Call Of Duty Devs Have Daydreamed About The Freedom They Might Get Under Xbox

Very early on in 2022, Xbox broke the news that it was in the process of acquiring Activision Blizzard for almost $70 billion. As 2023 is about to begin, not only has the deal still not gone through, but completion remains a long way off. That hasn't stopped some long-time Call of Duty devs from fantasizing about how an Xbox-led Activision might change how things work behind the scenes.

Jack Burrows, who previously worked as a level designer on the Call of Duty series, recently told the Kiwi Talkz podcast (thanks, ComicBook) that he and the rest of the team would daydream about Xbox being in charge. “We would think about it and we would talk about it being like 'I wonder if this will change' or if you know 'this process won't be like that anymore,' or if we'll get more freedom to do whatever here and there or stuff like that,” Burrows revealed.

As for what exactly Xbox might change about Call of Duty should it ever get the Activision Blizzard merger over the line, Burrows admitted that even though it's fun to wonder, most things with the series itself will probably remain the same. Call of Duty is a juggernaut, perhaps the biggest in the industry, so making drastic changes to a series that “prints money” simply wouldn't make sense.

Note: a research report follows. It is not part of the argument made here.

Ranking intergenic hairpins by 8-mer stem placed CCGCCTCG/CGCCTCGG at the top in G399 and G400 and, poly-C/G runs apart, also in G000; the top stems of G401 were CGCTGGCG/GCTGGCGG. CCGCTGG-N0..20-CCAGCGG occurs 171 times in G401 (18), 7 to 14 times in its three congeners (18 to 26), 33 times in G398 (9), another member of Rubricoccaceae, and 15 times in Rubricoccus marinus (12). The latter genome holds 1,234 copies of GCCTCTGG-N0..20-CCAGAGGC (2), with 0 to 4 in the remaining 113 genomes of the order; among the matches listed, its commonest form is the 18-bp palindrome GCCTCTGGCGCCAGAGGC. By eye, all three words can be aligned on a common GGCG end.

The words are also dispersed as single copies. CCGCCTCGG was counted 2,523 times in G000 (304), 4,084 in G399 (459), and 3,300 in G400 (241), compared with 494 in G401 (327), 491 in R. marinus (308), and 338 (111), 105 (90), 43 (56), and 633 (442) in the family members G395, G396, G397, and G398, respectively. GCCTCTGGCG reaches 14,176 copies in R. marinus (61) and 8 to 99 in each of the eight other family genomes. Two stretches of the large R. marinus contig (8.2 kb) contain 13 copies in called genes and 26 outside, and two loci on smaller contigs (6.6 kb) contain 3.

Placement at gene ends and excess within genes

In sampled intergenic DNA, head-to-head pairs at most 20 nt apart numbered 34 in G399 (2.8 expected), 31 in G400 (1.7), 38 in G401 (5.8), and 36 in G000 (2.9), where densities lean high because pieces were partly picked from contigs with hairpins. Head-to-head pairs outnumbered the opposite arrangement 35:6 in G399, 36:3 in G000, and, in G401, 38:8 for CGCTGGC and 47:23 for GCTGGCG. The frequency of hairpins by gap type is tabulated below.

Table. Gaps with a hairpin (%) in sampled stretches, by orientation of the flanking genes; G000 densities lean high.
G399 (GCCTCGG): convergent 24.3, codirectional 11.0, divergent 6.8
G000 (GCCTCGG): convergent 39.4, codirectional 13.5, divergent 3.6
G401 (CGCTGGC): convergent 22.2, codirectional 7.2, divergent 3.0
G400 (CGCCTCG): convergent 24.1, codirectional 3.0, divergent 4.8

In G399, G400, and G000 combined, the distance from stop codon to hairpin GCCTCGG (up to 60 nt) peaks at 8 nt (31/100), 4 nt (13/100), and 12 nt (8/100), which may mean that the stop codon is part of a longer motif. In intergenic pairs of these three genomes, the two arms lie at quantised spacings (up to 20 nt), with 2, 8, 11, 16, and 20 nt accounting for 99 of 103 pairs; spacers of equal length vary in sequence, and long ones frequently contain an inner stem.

Despite Xbox's repeated attempts to make the rest of the industry realize it wouldn't be in its best interests to change anything about Call of Duty, PlayStation and various regulators around the world remain unconvinced. PlayStation continues to think Xbox will eventually make Call of Duty a console exclusive. That's despite Xbox offering its rival a decade-long commitment, a deal PlayStation reportedly turned its nose up at.

While Xbox might not want to change anything about how it makes Call of Duty games, there will be a hope across the board that it implements some more important changes behind the scenes if it acquires Activision Blizzard. The results of an investigation published prior to the merger's announcement accused the studio Xbox is trying to acquire of harboring a toxic work culture.

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